Three Faculty Members Earn Promotion, Tenure

Three Kalamazoo College faculty members from the music, German studies and French studies departments have been awarded tenure along with a promotion to associate professor.

The tenure milestone recognizes excellence in teaching, scholarship and service to the College, and signifies its confidence in the contributions these faculty will make throughout their careers. The Board of Trustees-approved tenure recipients are:

Assistant Professor of Music Chris Ludwa

Ludwa is the director of the College Singers, the Lux Esto Chamber Choir and the Kalamazoo Bach Festival at K, where he is an advocate for a variety of singing methods including contemporary a cappella, musical theatre, opera, oratorio and pop music, especially those connected with justice and equity.

In 2020, Ludwa collaborated with Everett McCorvey, a fellow voice professor from the University of Kentucky; and Rhea Olivaccé, a soprano soloist with an international career and a professor of voice at Western Michigan University; to create Awake! Arise!, a musical dialogue about the lived Black experience, in contrast to what it is perceived to be. The work was a challenge to audiences to acknowledge injustice and change the world, which featured music from Johann Sebastian Bach’s 300-year-old cantata Wachet auf, ruft uns die Stimme, and the words of Black artists, activists and authors such as Langston Hughes, Maya Angelou, W.E.B. Du Bois, Martin Luther King Jr., Amanda Gorman and Valyn Turner.

Ludwa previously worked in professional music roles for employers such as the Federated Church of Cleveland, Cuyahoga Community College, the Indianapolis Symphony Orchestra, the Leonard Bernstein-inspired Artful Learning School Reform Model at the GRAMMY Foundation and the International School of Indiana. He holds a Bachelor of Music Education, a Master of Music and a DMA in Conducting and Leadership Studies from Indiana University.

College Singers Rehearse Social Justice-Themed Concert
Assistant Professor of Music Chris Ludwa, seen here directing the College Singers, is one of three faculty members to earn tenure this year.

Lucinda Hinsdale Stone Assistant Professor of German Studies Kathryn Sederberg

Sederberg teaches beginning, intermediate and advanced German as well as Contemporary German Culture and senior seminars on varying topics.

In 2021, Sederberg received a national honor, the Goethe‐Institut/American Association of Teachers of German (AATG) Certificate of Merit, for her achievements in furthering the teaching of German in the U.S. through creative activities, innovative curriculum, successful course design and significant contributions to the profession. She was just one of five educators between high schools and colleges from around the country to earn the honor.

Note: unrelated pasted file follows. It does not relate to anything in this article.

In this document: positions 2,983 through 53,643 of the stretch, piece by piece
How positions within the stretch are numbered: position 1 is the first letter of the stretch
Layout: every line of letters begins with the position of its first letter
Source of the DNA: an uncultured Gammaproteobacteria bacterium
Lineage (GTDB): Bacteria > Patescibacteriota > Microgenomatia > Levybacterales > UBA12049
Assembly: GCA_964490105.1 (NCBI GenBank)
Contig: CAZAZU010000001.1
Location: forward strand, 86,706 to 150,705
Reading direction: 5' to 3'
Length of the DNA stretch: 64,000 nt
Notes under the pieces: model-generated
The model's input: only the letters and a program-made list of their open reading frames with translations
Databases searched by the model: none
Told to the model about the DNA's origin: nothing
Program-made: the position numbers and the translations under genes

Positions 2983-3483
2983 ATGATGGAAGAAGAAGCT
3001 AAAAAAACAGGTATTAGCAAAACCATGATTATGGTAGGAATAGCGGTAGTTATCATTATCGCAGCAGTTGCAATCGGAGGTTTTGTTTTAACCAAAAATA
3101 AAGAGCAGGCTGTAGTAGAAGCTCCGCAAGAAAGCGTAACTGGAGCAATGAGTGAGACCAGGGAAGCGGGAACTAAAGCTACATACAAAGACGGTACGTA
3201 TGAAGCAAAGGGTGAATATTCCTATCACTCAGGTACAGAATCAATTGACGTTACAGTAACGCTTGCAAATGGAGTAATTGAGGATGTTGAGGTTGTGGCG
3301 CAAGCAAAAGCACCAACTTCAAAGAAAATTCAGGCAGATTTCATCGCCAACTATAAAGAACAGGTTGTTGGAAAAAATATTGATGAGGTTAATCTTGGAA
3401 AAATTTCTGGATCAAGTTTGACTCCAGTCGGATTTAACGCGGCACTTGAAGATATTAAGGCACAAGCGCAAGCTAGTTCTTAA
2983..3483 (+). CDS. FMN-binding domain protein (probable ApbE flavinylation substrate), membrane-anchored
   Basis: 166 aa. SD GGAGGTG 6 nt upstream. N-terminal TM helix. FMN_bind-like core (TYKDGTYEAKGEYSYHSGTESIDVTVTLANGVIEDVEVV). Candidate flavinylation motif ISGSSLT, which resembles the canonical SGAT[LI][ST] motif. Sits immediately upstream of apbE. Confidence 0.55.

In 2022, Sederberg spent a month at the University of London in its Institute of Modern Languages, conducting research through a Miller Fellowship in Exile Studies. In that research, she sifted through thousands of passages from the diaries of Jewish people who migrated away from Nazi territories in the 1930s and 40s. The experience led her to create a sophomore seminar offered this winter, Bearing Witness: Holocaust Literature and Testimony.

Sederberg holds a bachelor’s degree from St. Olaf College and a Ph.D. from the University of Michigan.

Tenure recipient Kathryn Sederberg pointing at a blackboard
Lucinda Hinsdale Stone Assistant Professor of German Studies Kathryn Sederberg is one of three tenure recipients this year at K.

Assistant Professor of French and Francophone Studies Aurélie Chatton

Chatton pursues teaching and interests in the poetics of globalization inspired by the philosophical concepts of Martinican thinker Edouard Glissant. Her research explores 20th and 21st century theatre and performance as well as the history and aesthetic of French cinema.  

She has published articles on contemporary French and francophone artists in literature, cinema and theatre, including Wajdi Mouawad (2021), Aki Kaurismäki (2022) and Bernard-Marie Koltès. She is currently working on a book project in which she shows the shared thinking among a number of interdisciplinary and contemporary artists and the philosophy of Edouard Glissant. 

At K, Chatton also designed the first Languages Film Festival, taking place each year.  

Tenure recipient Aurélie Chatton
Assistant Professor of French and Francophone Studies Aurélie Chatton is one of three tenure recipients this year at K.

Before coming to K, Chatton taught at Columbia University and New York University, where she developed a variety of classes from elementary language courses to upper-level literature and culture courses.  

Chatton received her Ph.D. from the Department of French Literature, Thought and Culture at NYU. She received a teaching certificate from the Graduate School of Arts and Sciences Teaching program at NYU in 2010 and a Blended Learning Award from Columbia in 2015.